Q If I buy a lemon tree, plant it in a big pot and bring it in my basement during winter months, will it grow outdoors in the spring? —Cathy
A Lemon trees are considered tropical for Kentucky gardeners. They are happy to live outdoors from late spring to early fall, but they are not cold-hardy and will need protection during winter.
Dwarf and semi-dwarf lemons are ideal for those of us not living in USDA hardiness zones 9-11 (we are gardening in zone 6). These varieties, like “Improved Meyer,” “Lisbon” and “Eureka,” do well in containers. Choose a container that is 1-2 inches larger than the nursery pot it is purchased in. Containers made of clay or a heavier material are the best options—when your plant produces fruit, you will want a container that can support the weight. Make sure the container has drainage holes and fill it with quality potting soil.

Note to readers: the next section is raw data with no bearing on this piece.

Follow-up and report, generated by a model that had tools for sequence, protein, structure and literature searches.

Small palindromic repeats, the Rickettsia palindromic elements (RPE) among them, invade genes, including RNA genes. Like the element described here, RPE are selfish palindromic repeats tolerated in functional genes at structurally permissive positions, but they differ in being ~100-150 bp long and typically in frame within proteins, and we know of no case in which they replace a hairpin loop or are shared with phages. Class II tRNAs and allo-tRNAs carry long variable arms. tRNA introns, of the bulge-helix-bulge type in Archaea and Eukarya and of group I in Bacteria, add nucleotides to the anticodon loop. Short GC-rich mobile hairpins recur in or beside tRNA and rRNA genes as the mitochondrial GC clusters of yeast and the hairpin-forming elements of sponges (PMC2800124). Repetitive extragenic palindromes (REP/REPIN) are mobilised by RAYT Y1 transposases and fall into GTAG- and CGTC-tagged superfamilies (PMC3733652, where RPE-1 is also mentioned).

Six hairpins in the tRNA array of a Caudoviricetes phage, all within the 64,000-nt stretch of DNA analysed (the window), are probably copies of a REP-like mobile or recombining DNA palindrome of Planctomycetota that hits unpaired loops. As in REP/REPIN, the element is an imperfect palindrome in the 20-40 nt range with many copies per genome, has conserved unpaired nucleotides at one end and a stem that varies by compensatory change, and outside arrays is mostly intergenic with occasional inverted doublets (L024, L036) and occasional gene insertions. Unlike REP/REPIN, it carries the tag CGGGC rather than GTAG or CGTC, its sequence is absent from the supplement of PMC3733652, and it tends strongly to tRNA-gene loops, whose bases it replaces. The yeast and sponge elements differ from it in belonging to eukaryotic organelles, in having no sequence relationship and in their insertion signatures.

Indoors, they should be placed in the sunniest room of your home, near a south facing window, if possible. In late April or early May, the lemon tree can go back outside. It should be placed in a shadier location and gradually moved back into full sun. This will prevent foliage burn.
Once it’s back outside you can feed and increase your watering routine. Having a citrus tree indoors during the winter months is such a treat.